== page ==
The New York Times Magazine, Dec. 4, 2019
He’s a Serial Con Artist. His Word Might Soon Send a Man to His Death.
Alexandra Natapoff, a law professor at the University of California, Irvine, who is the nation’s foremost legal scholar on criminal informants, said …. “Many jailhouse informants can truthfully state to the jury that they have not been promised any benefit, even though realistically they expect to be compensated for their testimony,” Natapoff said. “Ironically, jurors will often be the only people in the courtroom who do not understand this arrangement.” [Subscription required, campus-wide access provided by UCI Libraries. Sign-up here: AccessNYT.com]
The Wall Street Journal, Dec. 4, 2019
Bloomberg’s Views on Marijuana Out of Step With Democratic Field
Mr. Bloomberg’s strategy to win the Democratic nomination runs through “Super Tuesday” states, which are to vote March 3. Many of these states have large black populations, which have been disproportionately affected by drug-enforcement laws. Black people are about five times more likely to be imprisoned for drug possession than white people, according to a 2017 report from the National Registry for Exonerations at the University of California-Irvine. [Subscription required, campus-wide access provided by UCI Libraries. Sign-up here: WSJ.com/UCILibraries]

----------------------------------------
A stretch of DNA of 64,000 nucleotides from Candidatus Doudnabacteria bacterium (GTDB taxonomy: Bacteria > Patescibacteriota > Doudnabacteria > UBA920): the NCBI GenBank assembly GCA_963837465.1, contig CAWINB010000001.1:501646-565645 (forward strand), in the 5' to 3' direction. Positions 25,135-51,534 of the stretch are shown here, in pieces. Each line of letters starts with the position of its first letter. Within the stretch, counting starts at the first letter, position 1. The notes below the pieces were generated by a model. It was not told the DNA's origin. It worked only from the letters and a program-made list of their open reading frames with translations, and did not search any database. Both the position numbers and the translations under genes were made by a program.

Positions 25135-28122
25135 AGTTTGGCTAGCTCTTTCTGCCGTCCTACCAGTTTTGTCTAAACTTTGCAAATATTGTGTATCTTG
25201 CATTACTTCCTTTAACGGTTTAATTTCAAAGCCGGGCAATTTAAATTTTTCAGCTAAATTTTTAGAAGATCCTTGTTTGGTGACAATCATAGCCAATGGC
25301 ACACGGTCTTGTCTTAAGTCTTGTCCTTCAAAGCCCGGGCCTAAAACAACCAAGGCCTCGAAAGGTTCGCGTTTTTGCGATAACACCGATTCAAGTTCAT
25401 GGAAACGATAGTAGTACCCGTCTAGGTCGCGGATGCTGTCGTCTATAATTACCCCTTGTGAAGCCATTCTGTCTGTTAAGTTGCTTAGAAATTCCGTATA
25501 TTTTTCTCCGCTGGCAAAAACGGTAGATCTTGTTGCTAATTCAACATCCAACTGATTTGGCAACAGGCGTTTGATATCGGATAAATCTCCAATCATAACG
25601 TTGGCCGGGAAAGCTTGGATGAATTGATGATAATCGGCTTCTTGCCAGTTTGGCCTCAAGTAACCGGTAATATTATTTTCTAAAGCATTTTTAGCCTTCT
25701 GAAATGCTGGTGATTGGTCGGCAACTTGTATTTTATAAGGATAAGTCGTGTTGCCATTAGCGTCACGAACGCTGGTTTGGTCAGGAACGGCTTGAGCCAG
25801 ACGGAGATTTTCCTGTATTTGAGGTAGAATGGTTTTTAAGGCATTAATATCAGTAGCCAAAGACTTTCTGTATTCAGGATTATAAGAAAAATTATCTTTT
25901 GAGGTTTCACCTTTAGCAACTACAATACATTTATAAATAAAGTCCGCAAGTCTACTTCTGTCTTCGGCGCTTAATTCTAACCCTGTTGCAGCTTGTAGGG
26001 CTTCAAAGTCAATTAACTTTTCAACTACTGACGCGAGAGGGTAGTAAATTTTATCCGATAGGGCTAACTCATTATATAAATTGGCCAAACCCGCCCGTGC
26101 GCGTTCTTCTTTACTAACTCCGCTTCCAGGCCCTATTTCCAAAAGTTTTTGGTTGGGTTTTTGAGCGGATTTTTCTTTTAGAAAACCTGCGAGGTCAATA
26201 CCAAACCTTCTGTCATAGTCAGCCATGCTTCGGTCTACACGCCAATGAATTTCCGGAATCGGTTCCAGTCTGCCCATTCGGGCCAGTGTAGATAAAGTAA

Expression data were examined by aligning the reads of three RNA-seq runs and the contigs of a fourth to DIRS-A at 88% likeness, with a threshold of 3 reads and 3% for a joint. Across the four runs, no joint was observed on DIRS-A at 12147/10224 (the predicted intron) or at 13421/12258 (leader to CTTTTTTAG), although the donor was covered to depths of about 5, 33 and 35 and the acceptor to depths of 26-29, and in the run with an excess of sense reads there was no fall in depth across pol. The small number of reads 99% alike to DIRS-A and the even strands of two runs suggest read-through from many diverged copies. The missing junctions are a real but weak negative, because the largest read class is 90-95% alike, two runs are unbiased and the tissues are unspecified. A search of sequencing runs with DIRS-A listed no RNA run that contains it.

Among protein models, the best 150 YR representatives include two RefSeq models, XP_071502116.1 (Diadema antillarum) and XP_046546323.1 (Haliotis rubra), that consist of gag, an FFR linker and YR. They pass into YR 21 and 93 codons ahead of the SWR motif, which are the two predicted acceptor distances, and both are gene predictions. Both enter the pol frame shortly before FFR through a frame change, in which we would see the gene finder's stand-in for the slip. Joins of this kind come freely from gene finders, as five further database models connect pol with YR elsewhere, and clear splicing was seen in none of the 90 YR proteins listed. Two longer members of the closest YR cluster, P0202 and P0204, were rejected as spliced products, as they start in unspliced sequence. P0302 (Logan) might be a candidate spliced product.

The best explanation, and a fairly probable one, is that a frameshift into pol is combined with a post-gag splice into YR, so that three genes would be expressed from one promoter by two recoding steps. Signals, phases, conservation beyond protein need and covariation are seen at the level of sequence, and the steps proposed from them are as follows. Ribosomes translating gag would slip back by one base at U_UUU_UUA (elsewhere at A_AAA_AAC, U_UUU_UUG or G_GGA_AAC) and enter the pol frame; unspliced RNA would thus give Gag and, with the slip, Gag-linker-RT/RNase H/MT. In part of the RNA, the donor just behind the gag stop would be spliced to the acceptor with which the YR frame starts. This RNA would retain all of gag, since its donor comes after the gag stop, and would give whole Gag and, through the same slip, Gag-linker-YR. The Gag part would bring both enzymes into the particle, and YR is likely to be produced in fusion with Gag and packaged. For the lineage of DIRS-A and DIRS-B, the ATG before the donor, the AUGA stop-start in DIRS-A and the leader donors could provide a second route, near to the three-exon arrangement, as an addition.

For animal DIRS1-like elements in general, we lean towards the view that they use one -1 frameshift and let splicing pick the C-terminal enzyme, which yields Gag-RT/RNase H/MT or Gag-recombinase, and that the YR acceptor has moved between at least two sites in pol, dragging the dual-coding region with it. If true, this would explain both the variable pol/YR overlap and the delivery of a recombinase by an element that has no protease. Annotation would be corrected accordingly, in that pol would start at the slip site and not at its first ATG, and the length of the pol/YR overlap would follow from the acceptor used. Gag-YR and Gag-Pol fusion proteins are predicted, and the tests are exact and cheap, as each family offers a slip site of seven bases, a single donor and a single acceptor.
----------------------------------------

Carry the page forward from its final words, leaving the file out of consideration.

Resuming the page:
WUNC, Dec. 3, 2019 (Audio)
A New Study Has Found That Grief Is Common But Rarely Recognized In Veterans
[Jesus] Medina is one of nearly 200 post 9/11 veterans who participated in a University of California, Irvine’s study of grief in veterans. … Pauline Lubens, the University of California, Irvine researcher who interviewed Medina and other veterans about grief [said], “We think of soldiers as these warriors that don’t have emotions, but we’re dead wrong about that.” … The study, co-authored with UCI psychological science professor Roxane Cohen Silver, found that post 9/11 veterans who lost fellow service members both to combat and suicide dealt with the losses differently. Combat loss was easier to accept than suicide.
Marketplace, Dec. 3, 2019
Rural bank branches more scarce than ever
Both urban and rural areas saw about about a 7% drop in the overall number of bank branches. But rural areas tend to feel those losses more keenly, said Merhsa Baradaran, a law professor at the University of California-Irvine who has written books on local banking. “There’s wide swaths of the country where there’s no bank branch and the closest ATM is at, like, a 7-Eleven or a gas station,” she said, pointing out the high transaction fees such facilities often charge. “And then, how do you cash your paycheck? You have to go to a check casher. How do you get small credit? You go to a payday lender.”
KCBS Radio, Nov. 28, 2019, 2019 (Audio)
How Political Hashtags Make Discussion More Partisan
Hashtags like “Me Too” and “Make America Great Again” have been at the center of recent social and political movements. But while they are a powerful tool for activists, it turns out that using a hashtag can make it much easier for people to dismiss content as partisan or untrustworthy. That’s according to a recent study out of UC Irvine. For more on it KCBS Radio anchor Susan Kennedy spoke with the study’s lead author Eugenia Rho. She is a PhD candidate in the department of information and computer science at UC Irvine.
Previously “In the News”